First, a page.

On Wed, Nov 7, 2012 at 11:43 PM, Paul Tanner <email@example.com> wrote: > On Thu, Nov 8, 2012 at 2:01 AM, kirby urner <firstname.lastname@example.org> wrote: > ... >> I hope his creditors apply some "tough love" and insist on rehab, the >> sooner the better. >> >> Lets get those manias under control shall we? > > Uncle Sam's creditors are simply the set of all entities in the world > - - people, corporations, countries, whatever else - that owns US > Treasury securities (Treasury bills, Treasury notes, Treasury bonds, > and Treasury Inflation Protected Securities), and only that smallish > subset of this set that are US citizens eligible to vote could really > have any direct say on any of what you said. >
I'm all for indirect versus direct.
The fact that Uncle Sam is already the world's largest single most indebted institution in absolute dollar terms has already changed the tune of eligible voters such as Mitt Romney, who now credits Big Bird / NPR to China et al.
Voters understand that creditors enable US discretionary spending (the anemic IRS can't even cover mandatory spending per that chart).
Time was, USAers could snigger at China and Japan for low quality knock-off products, but now organized labor has had to shift its emphasis to:
(a) not knocking Japan much (that campaign came earlier, with sledge hammers to Toyotas) and
(b) criticizing China for working conditions, tainted goods, and prison labor (less so now for low quality goods -- we like iStuff -- though lead in the toys has been an issue)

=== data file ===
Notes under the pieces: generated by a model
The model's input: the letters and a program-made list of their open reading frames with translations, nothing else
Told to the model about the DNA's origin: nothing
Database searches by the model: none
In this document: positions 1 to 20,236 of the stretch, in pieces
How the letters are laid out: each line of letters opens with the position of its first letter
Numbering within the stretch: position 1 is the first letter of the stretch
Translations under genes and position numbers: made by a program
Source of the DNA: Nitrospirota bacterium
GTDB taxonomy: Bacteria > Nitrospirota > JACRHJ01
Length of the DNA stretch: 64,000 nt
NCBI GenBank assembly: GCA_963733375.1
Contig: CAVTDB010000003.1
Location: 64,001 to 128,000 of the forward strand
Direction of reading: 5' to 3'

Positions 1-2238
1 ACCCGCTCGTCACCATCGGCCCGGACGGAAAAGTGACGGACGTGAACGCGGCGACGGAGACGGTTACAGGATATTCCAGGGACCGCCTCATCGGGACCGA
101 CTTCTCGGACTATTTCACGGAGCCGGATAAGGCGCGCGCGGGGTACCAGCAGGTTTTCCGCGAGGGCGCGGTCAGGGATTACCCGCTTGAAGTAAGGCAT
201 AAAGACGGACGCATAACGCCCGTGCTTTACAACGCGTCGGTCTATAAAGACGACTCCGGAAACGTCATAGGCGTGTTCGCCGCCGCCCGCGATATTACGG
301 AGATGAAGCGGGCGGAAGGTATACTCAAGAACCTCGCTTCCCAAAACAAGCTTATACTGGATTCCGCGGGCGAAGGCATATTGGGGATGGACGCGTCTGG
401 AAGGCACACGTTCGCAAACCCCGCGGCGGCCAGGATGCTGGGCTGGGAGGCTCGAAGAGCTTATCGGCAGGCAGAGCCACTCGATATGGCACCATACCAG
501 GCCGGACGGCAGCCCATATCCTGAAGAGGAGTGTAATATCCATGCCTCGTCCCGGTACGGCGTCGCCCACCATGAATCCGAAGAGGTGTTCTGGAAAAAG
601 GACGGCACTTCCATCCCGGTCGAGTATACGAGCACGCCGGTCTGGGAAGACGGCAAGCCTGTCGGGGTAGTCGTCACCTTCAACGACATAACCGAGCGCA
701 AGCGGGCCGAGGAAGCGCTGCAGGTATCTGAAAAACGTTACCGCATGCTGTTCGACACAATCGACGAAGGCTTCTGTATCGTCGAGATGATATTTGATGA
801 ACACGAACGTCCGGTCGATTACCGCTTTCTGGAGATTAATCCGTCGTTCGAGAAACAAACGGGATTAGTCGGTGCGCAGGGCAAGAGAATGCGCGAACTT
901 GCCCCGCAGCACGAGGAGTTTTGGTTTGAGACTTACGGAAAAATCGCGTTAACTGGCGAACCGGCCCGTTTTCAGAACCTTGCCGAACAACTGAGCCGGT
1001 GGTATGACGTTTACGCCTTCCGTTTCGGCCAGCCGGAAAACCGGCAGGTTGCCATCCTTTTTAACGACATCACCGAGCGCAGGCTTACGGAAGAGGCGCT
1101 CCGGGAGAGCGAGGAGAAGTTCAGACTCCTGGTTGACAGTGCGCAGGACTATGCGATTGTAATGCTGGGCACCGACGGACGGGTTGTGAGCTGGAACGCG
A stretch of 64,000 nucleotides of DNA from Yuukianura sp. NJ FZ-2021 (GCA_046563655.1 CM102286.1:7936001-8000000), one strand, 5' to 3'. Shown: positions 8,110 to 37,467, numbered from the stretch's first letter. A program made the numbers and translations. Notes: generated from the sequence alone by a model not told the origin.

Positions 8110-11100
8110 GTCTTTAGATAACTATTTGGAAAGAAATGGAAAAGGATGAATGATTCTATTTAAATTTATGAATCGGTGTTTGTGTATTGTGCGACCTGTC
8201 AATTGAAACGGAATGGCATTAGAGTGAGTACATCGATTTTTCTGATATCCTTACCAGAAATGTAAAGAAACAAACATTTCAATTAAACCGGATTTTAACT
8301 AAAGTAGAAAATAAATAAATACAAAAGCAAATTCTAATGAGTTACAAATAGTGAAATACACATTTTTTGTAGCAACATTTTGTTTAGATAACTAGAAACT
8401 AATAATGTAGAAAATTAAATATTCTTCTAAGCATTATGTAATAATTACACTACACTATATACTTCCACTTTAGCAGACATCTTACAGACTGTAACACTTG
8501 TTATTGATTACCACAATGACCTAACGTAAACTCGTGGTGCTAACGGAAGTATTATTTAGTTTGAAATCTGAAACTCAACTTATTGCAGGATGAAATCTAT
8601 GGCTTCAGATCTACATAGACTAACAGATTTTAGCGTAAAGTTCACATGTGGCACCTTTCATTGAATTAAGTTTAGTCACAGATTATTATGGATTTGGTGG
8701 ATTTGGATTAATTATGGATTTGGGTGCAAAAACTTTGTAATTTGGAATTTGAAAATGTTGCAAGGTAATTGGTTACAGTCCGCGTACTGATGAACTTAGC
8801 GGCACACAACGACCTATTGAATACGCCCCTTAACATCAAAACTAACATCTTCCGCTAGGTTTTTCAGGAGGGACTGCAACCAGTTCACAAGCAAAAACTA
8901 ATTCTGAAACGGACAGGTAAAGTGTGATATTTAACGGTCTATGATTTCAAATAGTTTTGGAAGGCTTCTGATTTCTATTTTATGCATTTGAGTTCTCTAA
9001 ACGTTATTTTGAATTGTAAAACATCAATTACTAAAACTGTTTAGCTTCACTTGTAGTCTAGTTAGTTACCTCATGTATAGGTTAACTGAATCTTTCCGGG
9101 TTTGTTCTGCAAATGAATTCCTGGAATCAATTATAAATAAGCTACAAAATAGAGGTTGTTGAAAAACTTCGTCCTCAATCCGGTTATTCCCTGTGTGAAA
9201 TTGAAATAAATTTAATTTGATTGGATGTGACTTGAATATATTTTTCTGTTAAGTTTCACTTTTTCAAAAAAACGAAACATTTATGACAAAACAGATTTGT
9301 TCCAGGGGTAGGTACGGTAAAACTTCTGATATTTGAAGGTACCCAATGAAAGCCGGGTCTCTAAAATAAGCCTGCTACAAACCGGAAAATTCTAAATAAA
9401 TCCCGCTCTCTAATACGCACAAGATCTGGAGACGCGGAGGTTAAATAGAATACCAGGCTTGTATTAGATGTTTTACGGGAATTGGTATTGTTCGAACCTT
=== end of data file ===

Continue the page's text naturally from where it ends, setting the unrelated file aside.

But then the US has a lot of tainted goods (e.g. arsenic in the rice) and prison labor. That's a two way street, a more even playing field. Chinese-led consumer boycotts of US goods tainted by prison labor are just around the corner I'm pretty sure.
Uncle Sam is seen as addicted to weaponry and the sales thereof, while it raises its spoiled kids on violent TV shows and in crappy schools, then dresses them up in stupid-looking camo (ala Blackwater), and sends them around the world to strut-and-bully in prison guard fashion.
This is a big change in power and influence I'd say. The "superpower" mystique is pretty much gone.
"Blundering idiot" is closer to the view today (that spectacle of Bush making jokes about looking for WMDs and not finding them -- what a complete debasement of the presidency compared to some earlier times).
> Therefore I'd say that it would better to try to appeal to potential > voters rather than creditors. (Uncle Sam does not care who buys the > securities in question, just as long as someone somewhere buys them at > lower interest rates. And so there is no real potential leverage there > from creditors who already bought the stuff.)
I think USAers traveling abroad get a pretty good sense of how they're perceived. Big change since after WW2. A lot of them try to pretend they're from Canada, to avoid the stigma.